The Hiding Place is the third novel I’ve read by Jenny Quintana. Looking at my ratings and reviews, my appreciation of her books is pretty consistent. I enjoy them and usually read them in a sitting.
I notice I’ve commented before on the pacing or found their conclusions unsatisfying however, and it was the same here.
It was only when I was in bed after I’d finished reading, that certain factors played on my mind. If you’ve read the book you might also have wondered about Connie’s luggage including the letter from her lover. Why did Quintana make the current tenant of flat one so elusive and felt like an unfollowed thread? And why did Marina try to talk to everyone but Mrs Hyde?
Of course the fact I was pondering it hours after closing the book is probably also a good thing.The Hiding Place
by Jenny Quintana
Published by Mantle
Genres: Thriller / Suspense
Marina is adopted. She’s always known this – but the circumstances of her birth remain a mystery. Baby Blue, the newspapers nicknamed her at the time, after she’d been found wrapped in a blue shawl, in the hallway of a large, shared house in London.
24 Harrington Gardens. That was the house. And it’s still standing now Marina is an adult; still split into flats. And one of them is to let . . .
Of course, Marina knows that the chances of her uncovering the truth about her birth are remote – but she hopes the house might hold some clues.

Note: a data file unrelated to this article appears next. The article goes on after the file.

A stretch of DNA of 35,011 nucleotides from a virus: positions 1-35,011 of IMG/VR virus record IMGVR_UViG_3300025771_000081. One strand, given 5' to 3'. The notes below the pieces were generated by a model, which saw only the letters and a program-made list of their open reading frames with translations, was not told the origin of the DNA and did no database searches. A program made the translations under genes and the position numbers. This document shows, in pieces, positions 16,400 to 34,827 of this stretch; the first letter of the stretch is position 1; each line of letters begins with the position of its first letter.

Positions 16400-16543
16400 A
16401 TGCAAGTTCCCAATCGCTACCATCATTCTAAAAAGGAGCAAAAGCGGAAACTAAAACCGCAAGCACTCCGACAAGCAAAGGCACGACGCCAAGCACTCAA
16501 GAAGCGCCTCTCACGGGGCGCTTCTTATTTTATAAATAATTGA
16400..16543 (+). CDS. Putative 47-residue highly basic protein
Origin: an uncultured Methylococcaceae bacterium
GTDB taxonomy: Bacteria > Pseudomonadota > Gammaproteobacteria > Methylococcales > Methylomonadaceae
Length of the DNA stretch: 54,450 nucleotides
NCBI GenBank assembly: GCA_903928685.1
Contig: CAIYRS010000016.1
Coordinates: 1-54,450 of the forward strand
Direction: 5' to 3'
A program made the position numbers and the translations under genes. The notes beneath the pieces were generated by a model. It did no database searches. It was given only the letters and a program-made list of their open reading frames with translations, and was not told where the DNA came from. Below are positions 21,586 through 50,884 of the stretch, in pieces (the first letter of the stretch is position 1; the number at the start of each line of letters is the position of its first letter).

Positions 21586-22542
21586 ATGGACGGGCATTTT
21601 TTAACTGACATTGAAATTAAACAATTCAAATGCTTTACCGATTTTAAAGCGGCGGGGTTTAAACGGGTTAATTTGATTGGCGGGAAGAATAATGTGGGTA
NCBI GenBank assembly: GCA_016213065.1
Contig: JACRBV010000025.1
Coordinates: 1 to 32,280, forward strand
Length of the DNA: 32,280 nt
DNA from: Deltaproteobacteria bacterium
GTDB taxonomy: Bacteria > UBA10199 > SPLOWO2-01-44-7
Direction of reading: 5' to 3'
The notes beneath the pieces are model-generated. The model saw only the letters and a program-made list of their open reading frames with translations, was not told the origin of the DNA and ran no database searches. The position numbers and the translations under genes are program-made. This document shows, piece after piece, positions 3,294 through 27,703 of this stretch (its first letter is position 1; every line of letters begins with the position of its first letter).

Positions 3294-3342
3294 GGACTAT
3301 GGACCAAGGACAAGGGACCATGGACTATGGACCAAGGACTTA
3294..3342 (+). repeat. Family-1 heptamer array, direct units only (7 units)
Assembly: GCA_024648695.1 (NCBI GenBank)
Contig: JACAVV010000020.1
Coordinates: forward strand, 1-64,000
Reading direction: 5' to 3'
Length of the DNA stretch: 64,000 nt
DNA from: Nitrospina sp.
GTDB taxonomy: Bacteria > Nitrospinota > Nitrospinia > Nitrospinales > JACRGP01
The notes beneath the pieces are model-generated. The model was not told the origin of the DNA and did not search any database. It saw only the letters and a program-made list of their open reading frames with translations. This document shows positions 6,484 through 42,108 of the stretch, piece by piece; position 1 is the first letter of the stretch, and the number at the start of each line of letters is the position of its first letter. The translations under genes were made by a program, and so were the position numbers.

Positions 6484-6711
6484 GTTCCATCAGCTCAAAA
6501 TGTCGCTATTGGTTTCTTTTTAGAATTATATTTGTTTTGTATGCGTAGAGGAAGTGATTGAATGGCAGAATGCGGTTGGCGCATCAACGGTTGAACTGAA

What if it’s not just the house, though? What if someone connected to it knows what really happened that day? Someone who doesn’t want the truth to come to light?
I was disappointed initially that [the identity of] Marina’s mother seemed very obvious. We meet 27 year old Marina in 1991 (the present) and then we’re introduced to Connie in 1964, a 17yr old who thinks she’s pregnant to her neighbour (Johnny) who’s gone to Paris.
Connie’s likeable but frustratingly naive. She comments on Johnny’s lack of interest in her life, guilelessly tells us she hocked her dead mother’s jewellery to help pay for his fare to Paris and is now worried because he’s not been in contact in months. Yet, she seemingly believes he’ll accept, even welcome, news of a potential pregnancy. If she can find him.
The blurb implies there’s something dangerous in the present so, though it felt predictable, I kept reading assuming there’d be a twist. After all, we meet a young man (about Marina’s age) living in the basement in the present, as well as Eva who joins Connie and Marina as a narrator part-way through the novel. It gave me hope that the mystery of Marina’s mother wasn’t quite as obvious as I feared, or that Connie’s offspring may not have (in fact) been Marina.
The owner of the house (then and now) is a bank robber who spent years in jail and almost-certainly double-crossed his partners, so there’s a smidge of menace but ultimately this book left me somewhat unfulfilled.
I’m conscious that may partially have been planned by Quintana on purpose. Rather than being an edge-of-the-seat read, there’s something upsetting, almost devastating about what happens and perhaps my disappointment is a reminder that life isn’t always fair.
The Hiding Place by Jenny Quintana was published in Australia by Pan Macmillan and is now available.
I received a copy of this book from the publisher for review purposes.